I’ve been enthralled with space since learning about the planets in second grade. I subscribed to Space Shuttle magazine while it lasted, and collected space patches. So I was eager to read the new book Into the Black: The Extraordinary Untold Story of the First Flight of the Space Shuttle Columbia and the Men Who Flew Her by Rowland White.
Based on interviews, NASA oral histories, and recently declassified material, Into the Black charts the saga of the Columbia’s first mission and the people who dedicated themselves to help the United States succeed in the age of space exploration.
The Air Force began planning its own Manned Orbiting Laboratory in 1963. Many military test pilots opted for the MOL, believing they’d have a better chance to fly with the Air Force than NASA. When the MOL program was cancelled in 1969, the MOL astronauts were restricted in where and what they could do next because of the classified intel they’d learned. Serving in Vietnam was out of the question, should they be shot down.
Someone suggested calling NASA, but they didn’t need more astronauts. They already had a lot. And if they did join NASA, no flights would be available for a decade, at least.
NASA required Air Force support to get the shuttle. The Air Force was happy using reliable, relatively affordable, expendable Titan rockets launched at Vandenberg Air Force Base in California. They didn’t need a shuttle to carry their payloads into orbit. Both the Air Force and the CIA offered no more than reluctant commitment to the shuttle. Their satellites weren’t compatible with the shuttle.
Since 1959, an Air Force test group in Hawaii had been retrieving film recovery capsules ejected from orbiting US reconnaissance satellites as they descended by parachute to the Pacific. As the film descending, an AF plane snagged it in a net.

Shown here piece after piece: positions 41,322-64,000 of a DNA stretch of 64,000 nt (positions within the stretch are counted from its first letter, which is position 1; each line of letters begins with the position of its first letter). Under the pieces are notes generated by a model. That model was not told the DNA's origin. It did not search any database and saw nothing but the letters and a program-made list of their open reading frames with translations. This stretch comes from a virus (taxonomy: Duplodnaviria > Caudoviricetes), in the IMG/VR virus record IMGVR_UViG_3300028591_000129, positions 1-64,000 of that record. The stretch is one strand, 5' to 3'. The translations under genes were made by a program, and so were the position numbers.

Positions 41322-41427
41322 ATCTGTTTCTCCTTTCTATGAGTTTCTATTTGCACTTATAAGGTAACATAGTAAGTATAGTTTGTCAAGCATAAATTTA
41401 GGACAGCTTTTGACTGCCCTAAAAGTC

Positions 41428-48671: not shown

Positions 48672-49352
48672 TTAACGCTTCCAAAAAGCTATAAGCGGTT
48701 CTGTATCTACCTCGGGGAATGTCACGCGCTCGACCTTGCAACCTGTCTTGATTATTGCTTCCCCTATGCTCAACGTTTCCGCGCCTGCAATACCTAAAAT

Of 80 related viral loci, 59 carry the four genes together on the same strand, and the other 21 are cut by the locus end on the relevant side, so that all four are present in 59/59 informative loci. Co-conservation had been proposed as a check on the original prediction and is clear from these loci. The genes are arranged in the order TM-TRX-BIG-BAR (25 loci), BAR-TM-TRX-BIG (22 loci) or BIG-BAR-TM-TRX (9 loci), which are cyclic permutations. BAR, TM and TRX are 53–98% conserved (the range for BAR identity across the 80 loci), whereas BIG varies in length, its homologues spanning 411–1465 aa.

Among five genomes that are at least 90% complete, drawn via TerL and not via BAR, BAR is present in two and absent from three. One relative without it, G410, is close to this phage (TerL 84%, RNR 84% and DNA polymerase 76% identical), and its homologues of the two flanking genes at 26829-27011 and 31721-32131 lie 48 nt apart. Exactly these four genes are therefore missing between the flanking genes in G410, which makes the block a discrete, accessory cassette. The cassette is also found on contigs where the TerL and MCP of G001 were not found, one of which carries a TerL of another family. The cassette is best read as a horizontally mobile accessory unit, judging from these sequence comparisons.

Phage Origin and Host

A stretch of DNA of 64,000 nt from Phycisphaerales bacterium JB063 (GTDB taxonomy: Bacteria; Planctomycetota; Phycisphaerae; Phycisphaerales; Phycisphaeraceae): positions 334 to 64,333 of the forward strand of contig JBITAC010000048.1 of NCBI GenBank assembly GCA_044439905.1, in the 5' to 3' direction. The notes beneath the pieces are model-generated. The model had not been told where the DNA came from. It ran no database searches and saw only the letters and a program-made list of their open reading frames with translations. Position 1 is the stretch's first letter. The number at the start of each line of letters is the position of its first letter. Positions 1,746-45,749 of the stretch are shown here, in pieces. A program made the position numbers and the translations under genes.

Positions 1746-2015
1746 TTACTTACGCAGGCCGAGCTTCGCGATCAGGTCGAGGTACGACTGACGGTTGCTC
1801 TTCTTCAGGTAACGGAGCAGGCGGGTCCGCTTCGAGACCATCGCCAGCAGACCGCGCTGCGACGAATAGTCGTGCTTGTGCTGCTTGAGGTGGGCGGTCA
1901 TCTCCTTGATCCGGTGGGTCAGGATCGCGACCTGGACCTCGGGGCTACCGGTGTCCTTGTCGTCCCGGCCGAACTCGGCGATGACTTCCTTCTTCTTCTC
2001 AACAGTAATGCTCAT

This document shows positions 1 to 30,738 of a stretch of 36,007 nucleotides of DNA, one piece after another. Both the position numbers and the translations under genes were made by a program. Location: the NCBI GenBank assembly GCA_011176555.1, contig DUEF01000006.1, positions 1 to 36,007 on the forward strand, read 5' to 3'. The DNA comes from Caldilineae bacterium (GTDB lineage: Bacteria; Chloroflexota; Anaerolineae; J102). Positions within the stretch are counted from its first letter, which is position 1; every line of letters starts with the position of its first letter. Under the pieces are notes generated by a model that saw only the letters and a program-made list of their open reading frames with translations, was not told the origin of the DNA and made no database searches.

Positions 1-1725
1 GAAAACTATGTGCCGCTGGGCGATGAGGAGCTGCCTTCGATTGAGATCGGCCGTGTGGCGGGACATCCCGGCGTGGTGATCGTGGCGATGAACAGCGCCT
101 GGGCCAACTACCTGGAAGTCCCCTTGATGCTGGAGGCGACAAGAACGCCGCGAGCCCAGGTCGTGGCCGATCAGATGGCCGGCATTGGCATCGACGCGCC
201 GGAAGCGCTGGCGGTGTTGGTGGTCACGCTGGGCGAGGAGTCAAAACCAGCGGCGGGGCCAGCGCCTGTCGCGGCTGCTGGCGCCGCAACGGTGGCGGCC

Nixon okayed the space shuttle, saying, “Spaceflight is here to stay… and we’d best be part of it.” In the words of Oliver Wendell Holmes, “We must sail sometimes with the wind and sometimes against it, but we must sail, and not drift, nor lie at anchor.” It was Nixon who named the new space transportation system “Space shuttle.”
|The missing solar panel and "parasol" sun shield are seen here, repairs performed by the astronauts.|
When Skylab was damaged during launch in 1973, NASA had no idea whether astronauts could repair it, or what tools they might need. An Air Force spy satellite took photos of the space station. Men in dark suits arrived at NASA, and showed the engineers photos showing the damage. On taking the pictures away with them, they told the engineers, “You never saw these photos and we we’ve never been here.”
It had taken days to the photos to be recovered, developed, and taken to NASA. Real-time intervention might have been possible if the Air Force had been allowed to have its Manned Orbiting Laboratory.
NASA engineer John Kiker got the idea for the shuttle carrier aircraft using a 747 or an Air Force C-5 Galaxy plane. His boss’s reaction? “That’s the dumbest idea I’ve ever heard.” In the mid-1970s, the oil crisis forced a downturn in commercial aviation. NASA bought a nearly new 747 from American Airlines for the bargain price of 16 million.
The shuttle’s journey from design to working spacecraft was long and potholed. The engines and the heat shield tiles bedeviled engineers for years. Impatient to move the shuttle along, NASA was inclined to skip redundant testing. NASA’s impatience would crop up again in management’s careless launch of Challenger in freezing temperatures in 1985. Eighteen years later, NASA’s unwillingness to ask for a spy satellite photo to inspect Columbia for damage condemned the shuttle and its crew of seven.
Columbia’s first flight in 1981 saw hot plasma gas seep into the starboard main landing gear door through gaps in the tiles during reentry. The aluminum skin of the door structure softened and buckled, but did not affect the orbiter’s landing.
Did you want to ride in the space shuttles?